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Pollution in India - statistics & facts

In recent years, rapid urbanization in India has been detrimental in many ways to the country’s environment. An increase in the country’s population and inadequate infrastructure have rendered many Indian cities with unhealthy living conditions. With existing challenges of poverty, depleting natural resources, poor water quality, and a lack of sanitation, many citizens bear the brunt of the toxic, unhealthy living conditions. The most affected are the poor and vulnerable sections of society from disadvantaged economic and social backgrounds. Depending on the type of pollution, the health effect varies, based on exposure and age.

India's environmental protection started as early as in the 1970s; it has stringent environmental policies and regulatory instruments in place. The government implemented a nationwide ban on single-use plastics in late 2019. Despite this, the environmental conditions deteriorated as a result of increased industrial production since the 1990s.

Air pollution is one of the major concerns, specifically in urban areas. This was primarily caused by fossil fuel burning in the transportation and industrial sectors. Additionally, the burning of agricultural waste, as a cleaning field process, introduces more pollutants in the air. Since this was mainly in the vicinity of the capital region, Delhi became the most polluted capital city in 2019. However, a positive effect of the coronavirus (COVID-19) lockdown in 2020 was a significant reduction in pollution levels across many Indian cities.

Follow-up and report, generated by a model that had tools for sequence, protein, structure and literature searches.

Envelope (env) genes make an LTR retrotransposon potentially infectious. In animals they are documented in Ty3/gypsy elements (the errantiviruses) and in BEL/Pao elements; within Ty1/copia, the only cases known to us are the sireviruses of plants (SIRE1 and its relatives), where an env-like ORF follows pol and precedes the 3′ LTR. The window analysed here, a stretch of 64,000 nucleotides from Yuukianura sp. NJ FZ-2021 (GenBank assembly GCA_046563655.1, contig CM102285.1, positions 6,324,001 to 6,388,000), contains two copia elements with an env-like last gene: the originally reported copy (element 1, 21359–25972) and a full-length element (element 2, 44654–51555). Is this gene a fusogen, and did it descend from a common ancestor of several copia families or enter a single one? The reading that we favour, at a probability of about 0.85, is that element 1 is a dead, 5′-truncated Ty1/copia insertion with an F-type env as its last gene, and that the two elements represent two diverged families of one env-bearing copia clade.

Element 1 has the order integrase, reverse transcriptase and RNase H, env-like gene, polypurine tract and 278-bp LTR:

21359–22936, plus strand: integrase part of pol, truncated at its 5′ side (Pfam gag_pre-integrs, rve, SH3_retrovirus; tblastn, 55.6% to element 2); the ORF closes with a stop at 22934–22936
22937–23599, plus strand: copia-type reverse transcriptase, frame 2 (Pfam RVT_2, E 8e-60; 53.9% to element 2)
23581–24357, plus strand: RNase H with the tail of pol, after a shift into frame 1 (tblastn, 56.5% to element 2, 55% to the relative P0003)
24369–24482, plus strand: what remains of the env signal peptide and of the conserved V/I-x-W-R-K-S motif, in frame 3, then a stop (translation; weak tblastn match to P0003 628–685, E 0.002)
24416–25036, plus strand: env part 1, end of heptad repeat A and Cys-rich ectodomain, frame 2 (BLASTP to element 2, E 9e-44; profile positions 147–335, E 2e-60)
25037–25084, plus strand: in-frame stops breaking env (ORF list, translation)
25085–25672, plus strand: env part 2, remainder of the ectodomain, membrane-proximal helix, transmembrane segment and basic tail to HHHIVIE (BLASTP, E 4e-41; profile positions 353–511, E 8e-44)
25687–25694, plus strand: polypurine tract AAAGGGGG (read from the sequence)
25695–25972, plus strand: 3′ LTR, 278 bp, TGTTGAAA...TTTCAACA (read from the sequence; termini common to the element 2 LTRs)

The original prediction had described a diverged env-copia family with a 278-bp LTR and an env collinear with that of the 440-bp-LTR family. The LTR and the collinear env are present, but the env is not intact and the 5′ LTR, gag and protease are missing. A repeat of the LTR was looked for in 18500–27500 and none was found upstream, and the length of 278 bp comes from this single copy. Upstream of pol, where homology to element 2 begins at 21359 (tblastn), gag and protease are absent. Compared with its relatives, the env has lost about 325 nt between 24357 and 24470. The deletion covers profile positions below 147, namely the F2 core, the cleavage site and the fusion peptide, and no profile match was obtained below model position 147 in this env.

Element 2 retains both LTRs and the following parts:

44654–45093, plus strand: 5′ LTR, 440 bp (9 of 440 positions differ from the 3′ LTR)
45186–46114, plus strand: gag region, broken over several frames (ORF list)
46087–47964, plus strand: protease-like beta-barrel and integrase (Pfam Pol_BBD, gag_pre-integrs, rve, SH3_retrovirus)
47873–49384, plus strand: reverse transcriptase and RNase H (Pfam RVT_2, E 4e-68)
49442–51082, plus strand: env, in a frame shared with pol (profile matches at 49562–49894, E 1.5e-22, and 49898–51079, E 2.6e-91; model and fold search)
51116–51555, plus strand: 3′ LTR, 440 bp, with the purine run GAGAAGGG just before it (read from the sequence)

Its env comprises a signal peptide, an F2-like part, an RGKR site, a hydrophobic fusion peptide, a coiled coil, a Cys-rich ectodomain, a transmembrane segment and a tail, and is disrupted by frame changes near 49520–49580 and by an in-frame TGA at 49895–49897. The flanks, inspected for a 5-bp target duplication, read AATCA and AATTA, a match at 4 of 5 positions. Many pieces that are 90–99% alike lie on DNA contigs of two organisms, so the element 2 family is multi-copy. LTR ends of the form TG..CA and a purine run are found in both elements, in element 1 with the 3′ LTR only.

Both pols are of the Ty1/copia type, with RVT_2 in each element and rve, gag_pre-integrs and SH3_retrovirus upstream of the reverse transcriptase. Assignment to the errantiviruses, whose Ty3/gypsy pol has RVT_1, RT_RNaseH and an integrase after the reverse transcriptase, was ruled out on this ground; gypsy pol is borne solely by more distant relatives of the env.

Pollution in the country permeates into other levels, and significantly so. Most water resources are heavily polluted due to effluent discharge. As of 2017, about six percent of deaths were caused by unsafe water sources. Apart from this, India is home to massive landfills and dump yards from which leachates contaminate the surrounding land and groundwater.

The country has been successful in introducing environmental education and awareness initiatives right from school level. In the business world. Growing awareness has led to the establishment of corporate social responsibility (CSR) committed towards social and environmental issues. One of the earliest acts of environmental protection that had gained international attention was the “Chipko Movement” – a nonviolent protest against deforestation. Following its success, several projects that could bring about environmental degradation have been successfully stopped since. With the support of NGOs and support groups, environmental activism is at the forefront. Climate change action has led to an obvious shift in consumer behavior in recent times. Despite these measures, India, like most other developing economies, has not yet tangibly put sustainability over, if not equal to its economic growth and development.

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Environmental pollution in India

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Pollution in Delhi

Waste generation

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